If you were one of the millions of people to go see last summer's blockbuster film "The Fault in Our Stars," based off the novel of the same name by John Green, you might have been struck by a piece of mathematical wisdom uttered near the end of the movie: "Some infinities are bigger than other infinities."

At first glance, this probably seems as somewhat of an odd sentiment. After all, how could one never-ending set of numbers be bigger than another never-ending set of numbers? As hard as it is to conceptualize the sheer vastness of infinity, it goes against all intuition to imagine that one limitless quantity could be bigger than another. But this just so happens to be true, and the proof for it is rather eloquent in its simplicity.

But first, some definitions. There are two types of infinities that I will be talking about: listable and unlistable. These are sometimes called countable and uncountable, but I prefer to use the former nomenclature because, technically, no infinity is countable in the way that we normally think of counting - with regards to a finite amount of items.

Listable infinities are smaller types of infinities and the easiest to conceptualize. Included in this kind of infinity are sets such as integers, even numbers, and rational numbers.

The simplest of these are the natural numbers, which start with one and increase by one: 1, 2, 3, 4, and so on forever. If you had a never-ending supply of time, paper, and ink in the world, you could write down every number in this set, which is why they are called "listable infinities."

The same holds true for even numbers. Simply take the set of natural numbers, and multiply each entry by two: 2, 4, 6, 8, and continuing forever. This new set of even numbers has exactly one element for every element in the first set, and thus the two are equivalent in size. In fact, you can multiply or divide that first set by any integer to obtain a new listable infinity. Similarly, and with a little ingenuity, you can map the set of all fractions onto that of the natural numbers, proving that although they are both infinitely long, they are of the same size.

Now that we have shown that you can list the contents of some infinities, it is time to prove the opposite. In doing so we will see that this type of infinity, unlistable, is actually larger than the other.

Picture this: you have a number line before you and a highlighter in your hand. By highlighting any segment of that number line, you have just sectioned off a piece of infinity that is in fact larger than those mentioned in the previous paragraph--that is, an unlistable infinity. Even a small section of this number line contains an endlessly large quantity of numbers.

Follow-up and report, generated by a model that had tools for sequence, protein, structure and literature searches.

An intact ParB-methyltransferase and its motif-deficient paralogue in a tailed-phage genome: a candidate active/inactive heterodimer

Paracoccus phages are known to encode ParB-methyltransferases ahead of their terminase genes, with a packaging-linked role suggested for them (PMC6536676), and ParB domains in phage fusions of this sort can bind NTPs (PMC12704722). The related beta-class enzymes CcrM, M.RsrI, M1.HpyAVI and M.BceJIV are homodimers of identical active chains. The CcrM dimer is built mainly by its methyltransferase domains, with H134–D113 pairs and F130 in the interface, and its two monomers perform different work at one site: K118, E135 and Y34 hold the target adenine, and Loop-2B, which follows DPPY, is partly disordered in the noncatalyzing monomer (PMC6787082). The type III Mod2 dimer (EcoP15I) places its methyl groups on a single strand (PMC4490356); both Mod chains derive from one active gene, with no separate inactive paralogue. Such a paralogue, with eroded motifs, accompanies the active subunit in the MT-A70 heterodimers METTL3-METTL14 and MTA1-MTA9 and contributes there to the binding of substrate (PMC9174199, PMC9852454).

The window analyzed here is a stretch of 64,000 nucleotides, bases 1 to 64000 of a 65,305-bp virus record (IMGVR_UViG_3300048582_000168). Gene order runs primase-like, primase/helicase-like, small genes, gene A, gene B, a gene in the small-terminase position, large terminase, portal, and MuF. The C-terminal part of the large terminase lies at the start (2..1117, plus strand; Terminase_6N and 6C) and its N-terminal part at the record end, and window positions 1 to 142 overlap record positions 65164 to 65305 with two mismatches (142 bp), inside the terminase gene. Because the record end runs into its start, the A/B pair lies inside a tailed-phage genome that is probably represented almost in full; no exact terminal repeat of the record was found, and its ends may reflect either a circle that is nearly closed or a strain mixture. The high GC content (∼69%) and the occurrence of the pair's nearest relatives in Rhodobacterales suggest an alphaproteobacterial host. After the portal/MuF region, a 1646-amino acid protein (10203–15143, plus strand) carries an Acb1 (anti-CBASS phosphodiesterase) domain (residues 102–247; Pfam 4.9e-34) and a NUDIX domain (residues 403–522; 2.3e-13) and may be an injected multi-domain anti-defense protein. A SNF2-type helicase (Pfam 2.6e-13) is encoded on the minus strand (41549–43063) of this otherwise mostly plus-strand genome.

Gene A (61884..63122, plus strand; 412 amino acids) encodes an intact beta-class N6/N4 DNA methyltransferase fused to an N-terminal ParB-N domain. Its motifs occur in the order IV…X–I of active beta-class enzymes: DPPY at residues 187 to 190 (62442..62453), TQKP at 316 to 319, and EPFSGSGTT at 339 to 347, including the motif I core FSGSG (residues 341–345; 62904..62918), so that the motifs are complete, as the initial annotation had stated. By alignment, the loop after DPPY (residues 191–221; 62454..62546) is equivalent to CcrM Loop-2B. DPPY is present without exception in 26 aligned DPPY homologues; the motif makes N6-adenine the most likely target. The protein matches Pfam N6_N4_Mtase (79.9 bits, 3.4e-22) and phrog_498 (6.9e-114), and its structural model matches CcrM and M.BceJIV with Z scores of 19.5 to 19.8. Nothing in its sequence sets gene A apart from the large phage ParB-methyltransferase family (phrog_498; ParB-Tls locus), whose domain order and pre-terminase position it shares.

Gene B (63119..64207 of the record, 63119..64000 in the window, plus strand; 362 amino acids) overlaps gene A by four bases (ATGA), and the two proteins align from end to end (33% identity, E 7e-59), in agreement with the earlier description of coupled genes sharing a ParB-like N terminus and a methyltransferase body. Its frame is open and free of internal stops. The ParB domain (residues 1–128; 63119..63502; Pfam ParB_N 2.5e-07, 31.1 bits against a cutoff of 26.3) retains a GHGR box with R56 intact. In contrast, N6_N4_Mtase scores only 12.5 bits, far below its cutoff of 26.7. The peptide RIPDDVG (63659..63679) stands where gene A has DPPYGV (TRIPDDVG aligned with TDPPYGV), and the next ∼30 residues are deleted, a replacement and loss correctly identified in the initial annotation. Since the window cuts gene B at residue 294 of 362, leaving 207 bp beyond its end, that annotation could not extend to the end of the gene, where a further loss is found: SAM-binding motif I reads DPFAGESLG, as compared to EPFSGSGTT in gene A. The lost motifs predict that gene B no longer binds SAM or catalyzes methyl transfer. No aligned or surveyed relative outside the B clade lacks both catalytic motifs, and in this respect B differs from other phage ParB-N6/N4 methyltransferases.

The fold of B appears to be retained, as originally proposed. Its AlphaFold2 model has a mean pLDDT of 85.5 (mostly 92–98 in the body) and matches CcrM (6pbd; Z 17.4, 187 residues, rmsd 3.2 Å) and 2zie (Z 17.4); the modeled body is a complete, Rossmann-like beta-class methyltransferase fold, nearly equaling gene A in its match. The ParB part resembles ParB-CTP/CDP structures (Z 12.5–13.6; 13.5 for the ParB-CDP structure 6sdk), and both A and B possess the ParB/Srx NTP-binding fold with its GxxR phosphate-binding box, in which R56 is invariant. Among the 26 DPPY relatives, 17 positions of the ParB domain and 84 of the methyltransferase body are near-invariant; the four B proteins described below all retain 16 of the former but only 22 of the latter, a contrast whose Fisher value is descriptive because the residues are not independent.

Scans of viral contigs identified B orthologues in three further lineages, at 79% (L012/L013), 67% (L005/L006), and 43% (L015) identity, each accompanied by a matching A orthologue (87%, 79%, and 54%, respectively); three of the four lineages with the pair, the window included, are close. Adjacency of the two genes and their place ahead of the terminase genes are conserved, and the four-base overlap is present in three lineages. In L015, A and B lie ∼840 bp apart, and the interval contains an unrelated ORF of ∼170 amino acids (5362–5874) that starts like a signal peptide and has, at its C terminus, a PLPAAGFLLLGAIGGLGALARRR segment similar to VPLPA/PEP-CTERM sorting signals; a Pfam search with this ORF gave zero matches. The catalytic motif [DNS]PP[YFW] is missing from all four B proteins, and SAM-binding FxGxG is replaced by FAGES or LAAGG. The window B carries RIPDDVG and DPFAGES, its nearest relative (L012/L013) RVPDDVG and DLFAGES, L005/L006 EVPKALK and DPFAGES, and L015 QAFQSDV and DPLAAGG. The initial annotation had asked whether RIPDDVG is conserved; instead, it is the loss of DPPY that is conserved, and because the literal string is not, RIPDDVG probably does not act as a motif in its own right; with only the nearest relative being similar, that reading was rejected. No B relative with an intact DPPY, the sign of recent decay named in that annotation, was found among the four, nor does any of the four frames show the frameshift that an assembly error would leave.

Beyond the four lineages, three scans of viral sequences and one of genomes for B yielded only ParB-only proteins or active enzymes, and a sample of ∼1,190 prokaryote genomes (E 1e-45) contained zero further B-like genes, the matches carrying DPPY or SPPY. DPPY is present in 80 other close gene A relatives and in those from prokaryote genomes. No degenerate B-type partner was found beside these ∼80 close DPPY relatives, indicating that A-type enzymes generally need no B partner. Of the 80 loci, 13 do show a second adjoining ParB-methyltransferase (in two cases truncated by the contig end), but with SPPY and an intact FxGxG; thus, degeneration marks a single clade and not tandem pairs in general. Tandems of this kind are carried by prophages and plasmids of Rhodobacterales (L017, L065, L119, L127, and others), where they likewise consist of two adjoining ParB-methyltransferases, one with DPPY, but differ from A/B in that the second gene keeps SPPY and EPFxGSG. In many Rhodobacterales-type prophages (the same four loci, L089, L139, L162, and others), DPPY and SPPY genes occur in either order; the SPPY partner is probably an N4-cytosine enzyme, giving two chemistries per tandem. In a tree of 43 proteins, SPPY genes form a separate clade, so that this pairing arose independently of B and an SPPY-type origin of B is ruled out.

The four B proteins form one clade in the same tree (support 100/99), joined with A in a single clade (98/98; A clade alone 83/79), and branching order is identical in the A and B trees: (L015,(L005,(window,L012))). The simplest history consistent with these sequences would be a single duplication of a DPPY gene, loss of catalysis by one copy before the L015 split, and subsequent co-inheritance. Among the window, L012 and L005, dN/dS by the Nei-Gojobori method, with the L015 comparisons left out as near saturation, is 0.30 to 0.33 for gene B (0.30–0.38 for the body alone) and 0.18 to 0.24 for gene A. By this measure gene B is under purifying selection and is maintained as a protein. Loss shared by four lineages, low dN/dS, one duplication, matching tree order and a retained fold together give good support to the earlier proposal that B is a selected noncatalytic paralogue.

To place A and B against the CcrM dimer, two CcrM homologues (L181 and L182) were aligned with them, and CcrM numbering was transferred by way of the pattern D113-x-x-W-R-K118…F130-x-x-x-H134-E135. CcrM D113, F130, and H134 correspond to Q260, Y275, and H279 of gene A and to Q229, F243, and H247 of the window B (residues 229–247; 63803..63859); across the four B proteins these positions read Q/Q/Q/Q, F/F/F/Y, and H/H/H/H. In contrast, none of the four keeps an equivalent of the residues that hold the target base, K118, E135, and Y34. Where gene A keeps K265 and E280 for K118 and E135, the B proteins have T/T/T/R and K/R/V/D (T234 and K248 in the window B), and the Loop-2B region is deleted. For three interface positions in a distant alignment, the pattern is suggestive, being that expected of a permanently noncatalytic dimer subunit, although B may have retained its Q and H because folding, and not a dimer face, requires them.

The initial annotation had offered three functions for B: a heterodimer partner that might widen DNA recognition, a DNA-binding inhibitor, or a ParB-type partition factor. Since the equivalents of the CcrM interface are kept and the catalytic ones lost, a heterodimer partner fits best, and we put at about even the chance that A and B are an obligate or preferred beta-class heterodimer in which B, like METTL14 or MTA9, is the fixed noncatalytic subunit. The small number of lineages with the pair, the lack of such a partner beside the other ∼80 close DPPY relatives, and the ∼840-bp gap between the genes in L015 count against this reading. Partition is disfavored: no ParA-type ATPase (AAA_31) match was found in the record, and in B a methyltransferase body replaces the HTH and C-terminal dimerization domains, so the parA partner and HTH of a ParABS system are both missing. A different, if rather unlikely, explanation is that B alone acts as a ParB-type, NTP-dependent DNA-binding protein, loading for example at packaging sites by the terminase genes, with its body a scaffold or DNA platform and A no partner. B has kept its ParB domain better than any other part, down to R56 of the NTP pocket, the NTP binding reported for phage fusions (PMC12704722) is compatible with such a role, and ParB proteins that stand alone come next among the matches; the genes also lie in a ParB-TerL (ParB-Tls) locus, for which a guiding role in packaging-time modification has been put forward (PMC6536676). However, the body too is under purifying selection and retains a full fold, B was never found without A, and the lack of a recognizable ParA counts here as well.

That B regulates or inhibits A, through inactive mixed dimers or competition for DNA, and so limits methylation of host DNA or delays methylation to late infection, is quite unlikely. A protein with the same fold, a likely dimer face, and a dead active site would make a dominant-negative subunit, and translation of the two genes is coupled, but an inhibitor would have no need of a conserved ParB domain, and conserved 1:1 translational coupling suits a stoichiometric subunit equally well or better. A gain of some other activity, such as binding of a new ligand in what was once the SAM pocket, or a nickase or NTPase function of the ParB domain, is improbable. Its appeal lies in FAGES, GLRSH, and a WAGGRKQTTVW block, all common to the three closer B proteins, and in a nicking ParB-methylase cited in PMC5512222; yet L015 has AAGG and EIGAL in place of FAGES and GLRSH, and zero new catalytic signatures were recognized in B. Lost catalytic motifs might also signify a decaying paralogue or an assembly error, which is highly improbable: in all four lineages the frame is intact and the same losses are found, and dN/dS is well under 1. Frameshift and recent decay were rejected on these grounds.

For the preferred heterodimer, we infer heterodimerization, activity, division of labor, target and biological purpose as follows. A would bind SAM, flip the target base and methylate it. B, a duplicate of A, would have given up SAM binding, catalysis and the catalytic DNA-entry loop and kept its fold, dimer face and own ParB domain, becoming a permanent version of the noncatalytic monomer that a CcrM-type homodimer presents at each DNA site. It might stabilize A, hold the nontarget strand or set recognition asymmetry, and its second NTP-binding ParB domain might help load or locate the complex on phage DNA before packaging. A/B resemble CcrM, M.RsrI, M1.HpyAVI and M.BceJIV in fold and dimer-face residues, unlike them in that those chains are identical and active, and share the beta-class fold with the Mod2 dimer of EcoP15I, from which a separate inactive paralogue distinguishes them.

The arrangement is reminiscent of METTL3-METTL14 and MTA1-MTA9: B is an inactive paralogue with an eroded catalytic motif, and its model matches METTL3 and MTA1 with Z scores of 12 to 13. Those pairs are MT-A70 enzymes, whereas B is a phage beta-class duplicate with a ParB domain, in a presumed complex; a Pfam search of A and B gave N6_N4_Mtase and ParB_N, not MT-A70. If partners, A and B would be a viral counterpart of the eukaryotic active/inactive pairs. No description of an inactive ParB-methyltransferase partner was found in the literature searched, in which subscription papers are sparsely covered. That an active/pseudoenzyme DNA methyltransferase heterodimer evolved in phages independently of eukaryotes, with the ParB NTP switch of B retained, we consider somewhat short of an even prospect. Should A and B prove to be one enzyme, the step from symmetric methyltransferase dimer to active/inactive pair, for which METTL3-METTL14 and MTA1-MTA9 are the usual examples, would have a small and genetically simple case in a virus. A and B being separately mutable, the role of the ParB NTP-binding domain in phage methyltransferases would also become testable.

Consider the space between 0 and 1. No matter how cleverly you try to list all of the numbers between the two and map them to the set of the natural numbers, it cannot be done. To demonstrate this, we're going to do a little experiment discovered by German mathematician Georg Cantor. Grab a pen and make a list of numbers less than 1 and greater than 0, such that there are at least 5 or so decimal places written out. It should look something like this:

0.1234567234…

0.3141592653…

0.0000060000…

0.2347872364…

0.1111888388…

⁞

Now, starting with the first number you listed, circle the digit in the first decimal place. Then circle the digit in the second decimal place of the next number, and so on. You should have a diagonal of circled numbers.

0.**1**234567234…

0.3**1**41592653…

0.00**0**0060000…

0.234**7**872364…

0.1111**8**88388…

⁞

Create a new number out of the ones you circled. For example, mine would be 0.11078, and would continue endlessly if I kept on adding numbers to my list.

To prove that this list would indeed be unending, and that I could never write them in such a way that I would include every number between 0 and 1, I'm going to take the new number I created from my list and make some changes according to the following rule: each time there is a 0 in my list, I will make it a 1, and all other numbers will become 0. My new number 0.00100 is now different from every other one on that list . Because of the rules we instilled, we know that this is true.

We can keep on creating new numbers from our infinite list, but by construction the new one will always have a different order of numbers than any of the previous. Similarly, instead of just changing numbers to 0 and 1, we could add 1 to each entry (or subtract 3, or create any arbitrary set of similar rules that changes the nth digit of the nth number on your list) and get even more numbers not previously on our list. Therefore, any attempt to create a comprehensive list of an unlistable infinity will fail miserably. No matter how this list is constructed, will we be missing an infinite amount of numbers.

With Cantor’s proof, we can see that some infinities really are bigger than other infinities, although maybe not in the way that you originally thought. So next time you see The Fault in Our Stars or watch Toy Story and hear Buzz Lightyear shout his famous catchphrase, you can pride yourself in knowing what exactly is beyond infinity.

P.S. Even though we have discussed the mathematics of it, the ideas behind one infinity being bigger than another are still very difficult to internalize. If you didn’t have a pen and paper on hand while reading and would like a better visualization of the math involved, I suggest you check out this helpful video:

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